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Pandemic Doesn’t Stop ISU from Reaching and Advising Students

Buck Benson advises a student via Zoom
Academic Advisor Buck Benson contacting ISU students via Zoom

The coronavirus pandemic hasn’t stopped Idaho State University, led by Central Academic Advising, to reach out and talk one-on-one with thousands of students to give them advice on pursuing their education in these troubled times.

“Over the past two months we’ve registered more than 4,500 continuing students as well as 1,400 first time students. We are working everyday to track who is registered and who is still unregistered,” said Corey Zink, Executive Director of ISU Academic Advising and Assessment. “Due to Covid-19 our students are dealing with unique challenges, and we are working to engage each one and provide support as they consider how to continue their education.”

The University implemented a new initiative this year – to try to communicate directly with every student with an assigned academic advisor that is available and prepared to help them navigate their academic journey. This plan was interrupted by the pandemic, but it wasn’t derailed.

Corey Zink, Executive Director of ISU Academic Advising and Assessment

Corey Zink, Executive Director of ISU Academic Advising and Assessment

This spring, Idaho State had planned to hold a University-wide registration event where students on all of ISU’s campuses would have had the opportunity to meet with their assigned advisor and register in-person for fall classes. Unfortunately, this event had to be cancelled when the campuses were closed. Also a registration event for incoming freshmen, which generally attracts about 800 participants, was not held. Additionally students had to transition off campus and work to get their feet under them to continue the spring semester making it difficult to connect with advisors. These factors initially slowed the University’s new initiative.

“Since mid-April, our academic advisors have been contacting students and working to set up one-on-one advising appointments by phone and Zoom to get them registered for the summer and fall semesters,” Zink said. “We got off to a bit of a slow start but we are steadily making up ground.”

There is a large network of student advising at Idaho State that includes about 30 professional advisors.

“Many of our academic advisors wear multiple hats, they are not only represented within our colleges and within Central Academic Advising, but they also work in departments like athletics, TRiO, veterans services, the international programs office and the University honors program,” Zink said. “ISU has a great team of people working to serve our students.”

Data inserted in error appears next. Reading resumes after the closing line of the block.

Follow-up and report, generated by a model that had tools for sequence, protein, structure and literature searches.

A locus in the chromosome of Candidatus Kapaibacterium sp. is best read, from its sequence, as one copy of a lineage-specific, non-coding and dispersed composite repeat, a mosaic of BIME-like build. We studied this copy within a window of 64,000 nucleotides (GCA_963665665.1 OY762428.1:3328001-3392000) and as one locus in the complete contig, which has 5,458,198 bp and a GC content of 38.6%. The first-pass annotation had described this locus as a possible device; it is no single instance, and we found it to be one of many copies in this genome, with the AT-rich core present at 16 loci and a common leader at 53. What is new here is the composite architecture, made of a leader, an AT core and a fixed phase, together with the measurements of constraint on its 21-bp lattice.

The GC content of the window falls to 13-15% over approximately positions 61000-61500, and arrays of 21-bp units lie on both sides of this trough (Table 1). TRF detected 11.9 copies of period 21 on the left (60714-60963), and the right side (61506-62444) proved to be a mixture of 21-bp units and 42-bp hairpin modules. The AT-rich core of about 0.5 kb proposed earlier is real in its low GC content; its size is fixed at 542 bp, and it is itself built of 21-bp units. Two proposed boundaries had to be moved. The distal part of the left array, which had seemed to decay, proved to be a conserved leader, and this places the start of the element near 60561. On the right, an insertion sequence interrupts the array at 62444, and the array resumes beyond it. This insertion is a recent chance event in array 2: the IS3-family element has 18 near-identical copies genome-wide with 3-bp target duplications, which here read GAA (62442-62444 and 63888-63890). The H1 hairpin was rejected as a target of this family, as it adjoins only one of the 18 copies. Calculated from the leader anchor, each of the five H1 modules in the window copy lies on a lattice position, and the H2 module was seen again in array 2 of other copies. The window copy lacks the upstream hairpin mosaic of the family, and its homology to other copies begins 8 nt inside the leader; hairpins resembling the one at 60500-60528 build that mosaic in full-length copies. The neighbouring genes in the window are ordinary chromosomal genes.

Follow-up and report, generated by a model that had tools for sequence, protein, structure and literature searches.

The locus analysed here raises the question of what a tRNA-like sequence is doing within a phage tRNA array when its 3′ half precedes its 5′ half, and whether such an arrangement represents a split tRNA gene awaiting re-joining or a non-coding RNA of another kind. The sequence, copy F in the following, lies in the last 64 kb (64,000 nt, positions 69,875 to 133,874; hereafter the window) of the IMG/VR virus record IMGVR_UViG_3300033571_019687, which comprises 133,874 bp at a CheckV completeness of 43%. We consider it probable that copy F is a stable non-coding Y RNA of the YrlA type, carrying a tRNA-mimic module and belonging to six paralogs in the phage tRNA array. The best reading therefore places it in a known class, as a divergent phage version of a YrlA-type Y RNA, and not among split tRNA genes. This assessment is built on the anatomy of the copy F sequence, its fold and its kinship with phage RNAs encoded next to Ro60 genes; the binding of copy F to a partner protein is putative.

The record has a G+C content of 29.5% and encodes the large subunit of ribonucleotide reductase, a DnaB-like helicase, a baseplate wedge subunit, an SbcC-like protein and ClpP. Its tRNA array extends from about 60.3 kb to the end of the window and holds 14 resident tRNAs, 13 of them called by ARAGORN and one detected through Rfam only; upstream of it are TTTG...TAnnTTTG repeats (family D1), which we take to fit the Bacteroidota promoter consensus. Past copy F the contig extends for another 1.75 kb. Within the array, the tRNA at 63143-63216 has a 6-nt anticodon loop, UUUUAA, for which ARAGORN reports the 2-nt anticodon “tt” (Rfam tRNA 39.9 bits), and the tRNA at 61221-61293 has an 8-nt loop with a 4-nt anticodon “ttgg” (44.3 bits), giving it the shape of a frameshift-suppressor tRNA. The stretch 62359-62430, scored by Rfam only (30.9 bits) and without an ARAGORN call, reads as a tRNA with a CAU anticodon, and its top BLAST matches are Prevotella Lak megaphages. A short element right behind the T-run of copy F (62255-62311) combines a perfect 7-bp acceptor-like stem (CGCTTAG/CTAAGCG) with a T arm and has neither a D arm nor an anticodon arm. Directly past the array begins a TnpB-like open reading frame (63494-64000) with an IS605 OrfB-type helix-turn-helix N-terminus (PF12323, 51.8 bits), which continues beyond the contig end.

The goal of all these efforts is to provide our students quality advice. Zink said many of our students “can see the light at the end of the tunnel” and are going to continue one way or another to complete their degrees and have communicated that. For others, the decision to continue is much more complex.

 ISU senior, Matt Scharf, shares a student perspective on how daily campus life evolved when ISU’s campus moved to distance based learning. Matt explains what ISU resources were available to him, even though he was one of the only few students left living on campus.

“Other students, for different reasons, whether it be their own health concerns or health concerns of family members, there are those experiencing new financial challenges, there are many potential scenarios and so some of our students are still considering what to do,” Zink said. “Part of our job in advising is to simply listen, participate in those important conversations, connect our students with helpful resources, and do our absolute best to remove barriers whenever possible.” 

Zink said many students have expressed appreciation and thanked advisors for their efforts and that he is proud of what the ISU advising community has accomplished this spring.

“It has been amazing to watch our academic advisors, peer advisors, department chairs, faculty, and campus staff to connect with our students and provide support as they prepare to continue in the fall,” Zink said. “I am grateful to have the opportunity to work with this team and during this difficult situation with Covid, and we are determined to use this time to transition into a much more engaging and proactive advising environment.”

But Zink and company are not resting on their laurels.

“While we understand a great deal has been done over the last couple months, we also understand there is a long way to go and many more students to reach,” Zink said. “If we have learned anything with Covid, it is that things can change by the day, if not by the hour, and so we will continue reaching out to partner with our students and help them navigate all potential scenarios. We are going to continue to do that.”